|dc.description.abstract||Extraterrestrial In-Situ Resource Utilization (ISRU) is a primary area of interest to enable successful exploration, mining, and human settling in space missions. Native extraterrestrial conditions, such as vacuum conditions and low gravity are challenging as their effects on workable-scale ISRU operations are basically unknown. This dissertation research work studied three thermal-driven properties on JSC-lA lunar regolith simulant at pilot-plant-scale under vacuum (a native ambient condition on the moon and asteroids): (1) gasification and decomposition of regolith's components that have the potential of generating gaseous oxygen, metals, and alloys without the necessity of terrestrial precursors, (2) vacuum void formation during the regolith sinter-melt transition that imposes new design and operation considerations on regolith melting processes including gasification and decomposition stated in (1) as the melt expands due to the void formation within the melt's core, and (3) thermal upwards migration in uniformed thin-film pattern of the regolith melt that, as in the case of vacuum void formation phenomenon, also imposes new design and operation considerations on regolith melting processes including gasification and decomposition stated in (1) as the melt migrates along the sample receptacle's wall removing sample originally housed in the receptacle.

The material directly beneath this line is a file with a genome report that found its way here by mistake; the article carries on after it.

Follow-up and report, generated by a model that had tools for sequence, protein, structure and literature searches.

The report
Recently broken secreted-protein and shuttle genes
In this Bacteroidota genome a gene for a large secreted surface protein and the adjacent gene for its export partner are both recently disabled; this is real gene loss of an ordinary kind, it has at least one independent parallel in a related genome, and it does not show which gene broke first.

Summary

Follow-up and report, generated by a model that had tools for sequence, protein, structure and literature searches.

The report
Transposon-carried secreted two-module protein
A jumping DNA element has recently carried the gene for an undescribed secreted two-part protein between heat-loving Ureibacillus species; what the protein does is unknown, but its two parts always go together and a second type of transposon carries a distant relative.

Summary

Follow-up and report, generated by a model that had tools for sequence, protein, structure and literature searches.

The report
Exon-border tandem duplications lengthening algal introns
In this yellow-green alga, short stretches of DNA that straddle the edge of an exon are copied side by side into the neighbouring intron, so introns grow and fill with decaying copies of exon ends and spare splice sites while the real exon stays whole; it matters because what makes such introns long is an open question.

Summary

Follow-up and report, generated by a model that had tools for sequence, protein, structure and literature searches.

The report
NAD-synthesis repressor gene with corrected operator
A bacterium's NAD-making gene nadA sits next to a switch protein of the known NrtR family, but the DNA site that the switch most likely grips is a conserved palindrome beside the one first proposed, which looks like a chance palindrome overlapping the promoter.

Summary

Gasification and subsequent decomposition of some JSC-IA's components yielding gaseous oxygen was proved by direct measurement via Residual Gas Analyzer (RGA) analysis on the vacuum line and Scanning Electron Microscopy - Energy-dispersive X-ray (SEM/EDX) analysis on the melt sample. Vacuum void formation on the JSC-IA's sample core during the sinter-melt transition was experimentally observed without any indication of degassing causing the voids, as RGA readings did not indicate H2O, CO2, CO, 02, 03 or other 100-AMU gas; as in experimentally observed silicate melts, vacuum voids in JSC-1 A sinter-melt transition phase seem to be dictated strongly by the surface tension. Thermal upwards migration phenomenon on JSC-IA's melt also is formulated as a thermal Marangoni effect in which temperature gradients within the melt's bulk and along the crucible's wall yield the surface force large enough to supersede the gravitational force and yield the upwards thin-film migration. As far as the author knows, upwards thermal migration of JSC-IA (or other lunar regolith simulant) melt under vacuum has not been reported in the literature. This thermal migration capability of the JSC-1 A melt revealed in this dissertation work presents novel and valuable potential ISRU applications without the necessity of terrestrial precursors as the migration occurs evenly in thin-film pattern; among these applications are 3D printing feedstock, film coating, manufacturing of micro and MEMS devices, and separation and purification of valuable solid crystals including silicon. As the temperature distribution profile on the melt cannot be directly measured since the melt sample is housed inside a vacuum thermal chamber, a rigorous thermal mathematical model was developed and validated ( using experimental temperature values along the chamber's surface) to allow the determination of the temperature distribution profile within all elements inside the thermal chamber, including not only the melt sample but also the crucible housing the sample, the crucible holder, and the porous alumina block used inside as internal insulation.
Additionally, a second mathematical model was developed and applied to verify the Marangoni effect on melt samples with properties similar to the JSC-1 A melt. The formation of the meniscus on the bulk-wall-vacuum surface interface and an incipient melt migration on the wall experimentally observed and documented were reproduced by the model.||en_US